Number of partners: 12 | Amount: US$22.3 million | Number of countries: 8
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Case study: Bosnia and Herzegovina
Bosnia and Herzegovina, faces two key housing challenges. These include the after-effects of the Bosnian War and illegal settlements. The 1991 war destroyed almost half of the country’s publicly and privately held homes. And, Bosnia currently has many illegal settlements because the low-income population cannot afford the cost of legalization.
Sunrise serves economically active clients, including individuals, families, microenterprises and small businesses. For these borrowing groups, the main source of income is generated from their own businesses. As of December 2016, it had an overall value of US$15.4 million invested across 42 branches.
Suvada lives with her family in a tiny overcrowded home. Suvada inherited land on the outskirts of Sarajevo, where she has been constructing a house bit by bit over the past 10 years with her family savings and back-to-back Sunrise housing loans. The family will soon move in, pending a few final construction pieces made possible by a third Sunrise loan.
Suvada is thrilled by the prospect of owning her first home (at age 47). She looks forward to tending a big yard with an orchard and waking up in her own, less-cramped space.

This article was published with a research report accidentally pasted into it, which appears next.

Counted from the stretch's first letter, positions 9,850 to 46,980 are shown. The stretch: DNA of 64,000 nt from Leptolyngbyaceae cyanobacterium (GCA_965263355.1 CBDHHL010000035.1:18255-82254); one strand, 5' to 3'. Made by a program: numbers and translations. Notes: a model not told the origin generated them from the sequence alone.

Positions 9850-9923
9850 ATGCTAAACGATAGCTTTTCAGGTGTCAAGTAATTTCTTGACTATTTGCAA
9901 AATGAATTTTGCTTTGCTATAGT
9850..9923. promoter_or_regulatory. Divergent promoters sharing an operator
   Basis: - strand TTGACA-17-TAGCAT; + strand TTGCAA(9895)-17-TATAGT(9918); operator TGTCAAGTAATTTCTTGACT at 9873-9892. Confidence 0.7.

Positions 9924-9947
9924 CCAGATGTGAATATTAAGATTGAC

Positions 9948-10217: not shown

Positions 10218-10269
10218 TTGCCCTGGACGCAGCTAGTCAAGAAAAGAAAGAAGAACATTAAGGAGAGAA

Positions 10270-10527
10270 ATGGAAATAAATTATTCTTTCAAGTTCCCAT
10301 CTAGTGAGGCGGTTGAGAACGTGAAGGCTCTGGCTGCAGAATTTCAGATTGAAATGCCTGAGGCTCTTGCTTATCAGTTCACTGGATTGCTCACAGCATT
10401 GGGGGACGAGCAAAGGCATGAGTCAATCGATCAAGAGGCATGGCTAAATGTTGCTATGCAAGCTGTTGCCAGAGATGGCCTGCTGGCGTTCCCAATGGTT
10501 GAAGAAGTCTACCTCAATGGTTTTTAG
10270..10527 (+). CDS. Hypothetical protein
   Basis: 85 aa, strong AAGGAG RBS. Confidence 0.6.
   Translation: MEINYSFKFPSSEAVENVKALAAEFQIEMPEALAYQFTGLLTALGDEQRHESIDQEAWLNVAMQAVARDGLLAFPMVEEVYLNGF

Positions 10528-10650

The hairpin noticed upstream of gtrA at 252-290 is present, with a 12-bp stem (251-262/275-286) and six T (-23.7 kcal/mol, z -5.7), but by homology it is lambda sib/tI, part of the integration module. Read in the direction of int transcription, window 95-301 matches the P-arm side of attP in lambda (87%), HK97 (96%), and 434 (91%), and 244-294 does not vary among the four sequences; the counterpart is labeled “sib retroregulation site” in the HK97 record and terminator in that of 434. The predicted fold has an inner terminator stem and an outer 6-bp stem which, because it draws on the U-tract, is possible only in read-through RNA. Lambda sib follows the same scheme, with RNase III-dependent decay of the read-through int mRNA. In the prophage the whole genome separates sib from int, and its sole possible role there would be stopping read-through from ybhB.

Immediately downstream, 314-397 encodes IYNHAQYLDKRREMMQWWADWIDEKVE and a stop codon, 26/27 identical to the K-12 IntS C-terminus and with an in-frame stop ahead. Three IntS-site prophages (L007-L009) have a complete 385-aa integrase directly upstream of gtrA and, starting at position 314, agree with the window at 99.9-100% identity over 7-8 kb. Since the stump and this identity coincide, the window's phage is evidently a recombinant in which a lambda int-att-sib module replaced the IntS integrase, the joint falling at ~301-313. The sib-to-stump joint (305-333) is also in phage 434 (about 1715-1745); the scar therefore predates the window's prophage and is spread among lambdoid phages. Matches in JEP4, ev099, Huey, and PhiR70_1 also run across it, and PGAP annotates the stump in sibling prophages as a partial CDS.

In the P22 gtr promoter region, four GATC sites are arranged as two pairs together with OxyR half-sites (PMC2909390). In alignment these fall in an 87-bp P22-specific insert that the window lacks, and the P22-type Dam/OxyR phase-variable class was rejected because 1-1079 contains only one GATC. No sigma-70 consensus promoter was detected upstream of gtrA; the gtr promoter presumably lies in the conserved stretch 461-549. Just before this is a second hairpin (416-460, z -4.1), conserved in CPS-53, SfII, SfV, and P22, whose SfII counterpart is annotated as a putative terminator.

Case study: Kazakhstan
Among Kazakhstan’s population of 16.9 million, the number of people who use financial services is very low. Only 54 %…
Among Kazakhstan’s population of 16.9 million, the number of people who use financial services is very low. Only 54 % of the adult population have a bank account, only 8 % have a formal savings account, and only 16 % participate in formal borrowing.
One of the microfinance institutions working to improve the country’s access to capital is KazMicroFinance. Over time, KMF has modified its housing product based on its clients’ needs and preferences. It increased the maximum loan amount to respond to increases in the price of construction materials, allowing clients to purchase better-quality materials for repairs and renovations.
Makhmud has benefited from a KMF loan. He lives in Kentau, a small town in a rural area of Kazakhstan, with his wife and three children. Now on his second loan from KMF (and his first housing loan), he has finally been able to replace his doors and windows and reconstruct the house.
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